One of the biggest mistakes managers make with employee pulse surveys is neglecting to act on the feedback they’ve received. Or when they do, they don’t show employees what changes they’ve made. But a quick email or presentation to follow up on feedback can make all the difference. Employees who see that you respect their time and opinions are far more likely to answer survey questions in the future.
Biweekly or monthly staff meetings are the perfect time to visit the results of pulse surveys. Sharing the results of a survey and discussing them with staff will give your employees an opportunity to discuss the issues that really matter to them and will show them that management is ready to listen.
Why it Matters
An environment that fosters employee engagement is one that fosters business growth. That’s because engaged employees are more productive, take fewer sick days, and are more invested in the mission of the company.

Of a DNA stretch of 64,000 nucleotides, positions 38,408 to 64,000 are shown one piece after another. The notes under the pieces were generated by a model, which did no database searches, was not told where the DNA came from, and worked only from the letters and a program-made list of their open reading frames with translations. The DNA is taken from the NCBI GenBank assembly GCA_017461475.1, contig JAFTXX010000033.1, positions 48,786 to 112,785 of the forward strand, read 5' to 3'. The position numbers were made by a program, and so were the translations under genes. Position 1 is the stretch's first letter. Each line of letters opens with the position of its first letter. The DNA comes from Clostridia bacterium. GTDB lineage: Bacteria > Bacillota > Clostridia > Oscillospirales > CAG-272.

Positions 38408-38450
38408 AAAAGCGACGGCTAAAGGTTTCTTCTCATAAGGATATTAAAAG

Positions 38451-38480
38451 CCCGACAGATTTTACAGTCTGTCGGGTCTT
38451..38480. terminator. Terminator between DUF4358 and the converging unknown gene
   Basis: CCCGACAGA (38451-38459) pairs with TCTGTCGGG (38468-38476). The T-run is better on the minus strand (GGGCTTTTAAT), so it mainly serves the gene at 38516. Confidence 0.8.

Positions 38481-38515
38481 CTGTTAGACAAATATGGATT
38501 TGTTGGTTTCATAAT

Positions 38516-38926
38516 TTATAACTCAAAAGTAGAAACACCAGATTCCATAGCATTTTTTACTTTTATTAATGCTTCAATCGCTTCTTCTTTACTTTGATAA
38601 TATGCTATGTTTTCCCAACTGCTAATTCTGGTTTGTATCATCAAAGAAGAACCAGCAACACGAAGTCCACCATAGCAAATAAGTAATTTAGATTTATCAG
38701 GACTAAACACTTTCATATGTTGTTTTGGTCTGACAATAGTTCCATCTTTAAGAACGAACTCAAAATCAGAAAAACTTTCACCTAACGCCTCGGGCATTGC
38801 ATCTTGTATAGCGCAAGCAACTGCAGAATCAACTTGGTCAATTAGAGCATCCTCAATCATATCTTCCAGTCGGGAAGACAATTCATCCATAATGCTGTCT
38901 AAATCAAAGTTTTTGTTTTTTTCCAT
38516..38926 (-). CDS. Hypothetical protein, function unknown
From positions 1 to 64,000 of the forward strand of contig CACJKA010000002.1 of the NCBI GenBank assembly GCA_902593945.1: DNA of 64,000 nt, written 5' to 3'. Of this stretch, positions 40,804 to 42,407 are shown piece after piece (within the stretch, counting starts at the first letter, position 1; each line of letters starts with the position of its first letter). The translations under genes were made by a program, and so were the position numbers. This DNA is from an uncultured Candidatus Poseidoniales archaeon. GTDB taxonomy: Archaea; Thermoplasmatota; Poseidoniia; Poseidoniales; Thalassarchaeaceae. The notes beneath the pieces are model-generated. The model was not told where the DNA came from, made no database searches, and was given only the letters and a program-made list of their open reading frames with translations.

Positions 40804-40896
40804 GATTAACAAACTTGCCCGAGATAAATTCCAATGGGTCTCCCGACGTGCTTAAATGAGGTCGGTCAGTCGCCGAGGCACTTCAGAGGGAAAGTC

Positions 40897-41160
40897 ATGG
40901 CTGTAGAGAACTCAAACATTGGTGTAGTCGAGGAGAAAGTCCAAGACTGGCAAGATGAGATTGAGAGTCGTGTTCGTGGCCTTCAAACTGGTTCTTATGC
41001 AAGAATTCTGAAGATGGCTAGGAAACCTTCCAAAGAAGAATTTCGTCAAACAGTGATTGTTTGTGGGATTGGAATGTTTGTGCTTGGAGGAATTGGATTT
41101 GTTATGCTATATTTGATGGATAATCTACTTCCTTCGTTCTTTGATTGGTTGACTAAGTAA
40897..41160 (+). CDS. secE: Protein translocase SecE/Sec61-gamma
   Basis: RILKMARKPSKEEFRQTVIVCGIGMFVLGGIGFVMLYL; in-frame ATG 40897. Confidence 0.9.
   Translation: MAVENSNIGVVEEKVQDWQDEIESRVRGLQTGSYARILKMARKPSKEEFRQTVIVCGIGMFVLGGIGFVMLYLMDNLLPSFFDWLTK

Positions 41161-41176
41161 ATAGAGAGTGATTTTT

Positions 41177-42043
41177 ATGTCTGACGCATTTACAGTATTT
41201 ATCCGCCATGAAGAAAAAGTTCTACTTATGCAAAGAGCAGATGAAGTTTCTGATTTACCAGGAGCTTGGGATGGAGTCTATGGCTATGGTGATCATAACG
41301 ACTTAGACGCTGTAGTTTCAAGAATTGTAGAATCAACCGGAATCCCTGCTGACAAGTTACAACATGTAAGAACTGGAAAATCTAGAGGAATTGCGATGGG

ViewPoint kiosks make employee pulse surveys easy, with kiosks that are easy to install in break rooms, conference rooms, and lounges. They offer employees a chance to complete your survey in an anonymous environment away from their desks and sync with online surveys for employees working from home. With real-time analytics automatically connected on an easy-to-read dashboard, following up with beautiful visuals won’t eat up admin hours. When you invest in employee pulse surveys, you’re also investing in a work environment that’s designed to listen.
About ViewPoint survey solutions
ViewPoint helps organisations to radically improve the quality of their services. Our interactive feedback technology engages with customers, employees and stakeholders to understand their satisfaction or dissatisfaction with the experience they encountered.
Our unique smiley face surveys attract, engage, and encourage users to leave their thoughts. Four reasons feedback kiosks are the preferred feedback collection method:
- Lower cost customer survey solution
- Suitable for all environments
- Reliable and always on
- Highly accurate insights
Find out more about how real-time surveys can help you assess customer and staffing issues, monitor improvements, and compare departments to deliver the best service possible.